While Covid-19 originated in China, and Chinese President Xi Jinping was slow to react, their narrative to the world – and a domestic audience – has been the strength of their response once put into gear. Covid-19 represented an existential threat to Chinese leadership, and President Xi has turned his eventual response into a key argument for his election to a third term at the Twentieth Party Congress in late 2022.
Late Marriott CEO Arne Sorenson lent international support for this argument. Sorenson knew that crushing the pandemic through any means necessary was good for travel and the hotel business. And he knew that flattering Chinese officials and supporting their narratives is key to staying in their good graces. China is a key growth market for Marriott.
New Marriott CEO Tony Capuano appears to be taking a similar approach. In a recent interview he offered (emphasis mine),
In the short term, there is an important and obvious relationship between the rollout of the vaccines, the ability of certain governments to start to get their arms around the virus, and the impact that has on traveler confidence and related demand growth.
China might be the best illustration of that. The government there has largely gotten their arms around the virus. They’ve done a good job of broad distribution of the vaccine and, perhaps not surprisingly, we’ve seen occupancy levels essentially return to pre-pandemic levels. What is most notable in China is a disproportionate share of that demand recovery has been domestic travel, as opposed to international travel. But China provides a great road map for other markets around the world as they look to chart their recovery.
Let’s be clear first on what Chinese-style lockdowns as a response to the novel coronavirus meant. People were boarded into homes, which in some cases became tombs. There’s mass forced testing which now includes anal swabs. In Hong Kong democracy was literally put on hold with elections postponed (coronavirus was an excuse, leadership didn’t prefer the likely outcome). So is China a great roadmap?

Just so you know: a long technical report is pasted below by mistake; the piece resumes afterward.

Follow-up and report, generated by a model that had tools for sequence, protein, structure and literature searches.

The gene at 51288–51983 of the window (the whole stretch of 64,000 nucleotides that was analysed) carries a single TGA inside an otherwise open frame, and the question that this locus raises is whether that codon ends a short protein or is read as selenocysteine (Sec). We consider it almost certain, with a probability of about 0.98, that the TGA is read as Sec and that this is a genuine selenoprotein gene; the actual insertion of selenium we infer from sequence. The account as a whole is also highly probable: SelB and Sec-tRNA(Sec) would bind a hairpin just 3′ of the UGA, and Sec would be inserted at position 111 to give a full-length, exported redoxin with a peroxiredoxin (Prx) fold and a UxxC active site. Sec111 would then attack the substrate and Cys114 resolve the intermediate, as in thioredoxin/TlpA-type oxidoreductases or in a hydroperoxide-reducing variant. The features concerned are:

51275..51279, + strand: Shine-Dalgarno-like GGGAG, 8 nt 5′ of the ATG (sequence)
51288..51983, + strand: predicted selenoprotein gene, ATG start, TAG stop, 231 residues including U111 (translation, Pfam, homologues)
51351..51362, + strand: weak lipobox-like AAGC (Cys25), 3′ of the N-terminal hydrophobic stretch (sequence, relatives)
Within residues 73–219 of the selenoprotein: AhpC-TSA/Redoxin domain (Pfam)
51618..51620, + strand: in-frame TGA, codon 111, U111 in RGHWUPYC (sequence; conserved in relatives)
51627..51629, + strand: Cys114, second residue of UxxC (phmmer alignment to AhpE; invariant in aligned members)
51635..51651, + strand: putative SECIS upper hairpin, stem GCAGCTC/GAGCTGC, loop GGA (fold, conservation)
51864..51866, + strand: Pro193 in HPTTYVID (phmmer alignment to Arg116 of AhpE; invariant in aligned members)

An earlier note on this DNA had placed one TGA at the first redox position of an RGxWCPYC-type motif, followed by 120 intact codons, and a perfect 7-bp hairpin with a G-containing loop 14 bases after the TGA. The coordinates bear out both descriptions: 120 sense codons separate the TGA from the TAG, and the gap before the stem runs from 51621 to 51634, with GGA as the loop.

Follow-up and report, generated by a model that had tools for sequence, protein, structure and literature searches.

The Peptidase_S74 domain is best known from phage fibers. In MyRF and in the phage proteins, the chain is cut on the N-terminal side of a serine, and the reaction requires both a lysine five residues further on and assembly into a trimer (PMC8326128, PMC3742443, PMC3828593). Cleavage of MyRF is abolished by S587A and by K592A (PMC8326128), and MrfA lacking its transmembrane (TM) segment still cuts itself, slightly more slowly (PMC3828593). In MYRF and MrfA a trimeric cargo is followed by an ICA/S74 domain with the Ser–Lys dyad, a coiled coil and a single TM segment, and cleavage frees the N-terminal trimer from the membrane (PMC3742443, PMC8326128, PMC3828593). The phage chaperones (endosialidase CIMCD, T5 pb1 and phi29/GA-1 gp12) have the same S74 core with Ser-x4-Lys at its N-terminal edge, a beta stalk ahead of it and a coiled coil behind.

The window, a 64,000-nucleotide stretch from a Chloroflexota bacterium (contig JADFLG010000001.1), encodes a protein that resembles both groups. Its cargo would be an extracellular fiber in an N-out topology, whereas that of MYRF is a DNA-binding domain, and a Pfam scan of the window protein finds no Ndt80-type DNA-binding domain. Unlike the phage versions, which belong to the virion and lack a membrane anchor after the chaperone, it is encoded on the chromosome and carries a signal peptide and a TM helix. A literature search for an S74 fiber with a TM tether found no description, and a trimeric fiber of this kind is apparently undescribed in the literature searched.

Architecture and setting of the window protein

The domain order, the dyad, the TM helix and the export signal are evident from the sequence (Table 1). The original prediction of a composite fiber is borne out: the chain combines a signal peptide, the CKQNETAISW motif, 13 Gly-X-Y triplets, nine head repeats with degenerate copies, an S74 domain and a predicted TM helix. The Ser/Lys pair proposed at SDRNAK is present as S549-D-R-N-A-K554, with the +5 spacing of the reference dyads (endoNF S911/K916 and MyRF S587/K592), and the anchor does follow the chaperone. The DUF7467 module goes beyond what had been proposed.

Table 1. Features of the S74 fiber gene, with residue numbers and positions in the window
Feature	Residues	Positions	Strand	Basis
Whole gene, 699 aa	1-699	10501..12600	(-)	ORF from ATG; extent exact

In any case, the claim that China has done a good job distributing vaccines is simply not true at this point.
I tend to think Sinopharm’s vaccine is underrated, though the UAE is starting to give out third doses to some people due to weak immune response. Sinovac’s reported efficacy against symptomatic Covid is just 50% The same extensive data on Chinese vaccines, though, hasn’t been published compared to that of Western vaccines.
China, though, only recognizes its own vaccines for vaccine passports based on new rules for entry from Hong Kong.
The Chinese vaccines don’t appear to be as good as Western vaccines. And the government doesn’t appear to be scaling production and distribution even as well as Europe, which has performed poorly. If ‘full Wuhan’ was one model for response early in the pandemic, China appears to be failing at this next critical stage. Most of its people remain (presumably) vulnerable to the virus, since it hasn’t spread widely within the country and its people remain unvaccinated. Much of the rest of the world will be able to open international borders more easily than China.
[…] new CEO Tony Capuano is off to quite a start. Since assuming the role in February he’s flattered China’s authoritarian rulers, declared publicly that hotel workers make too much, and criticized guests for their short-term […]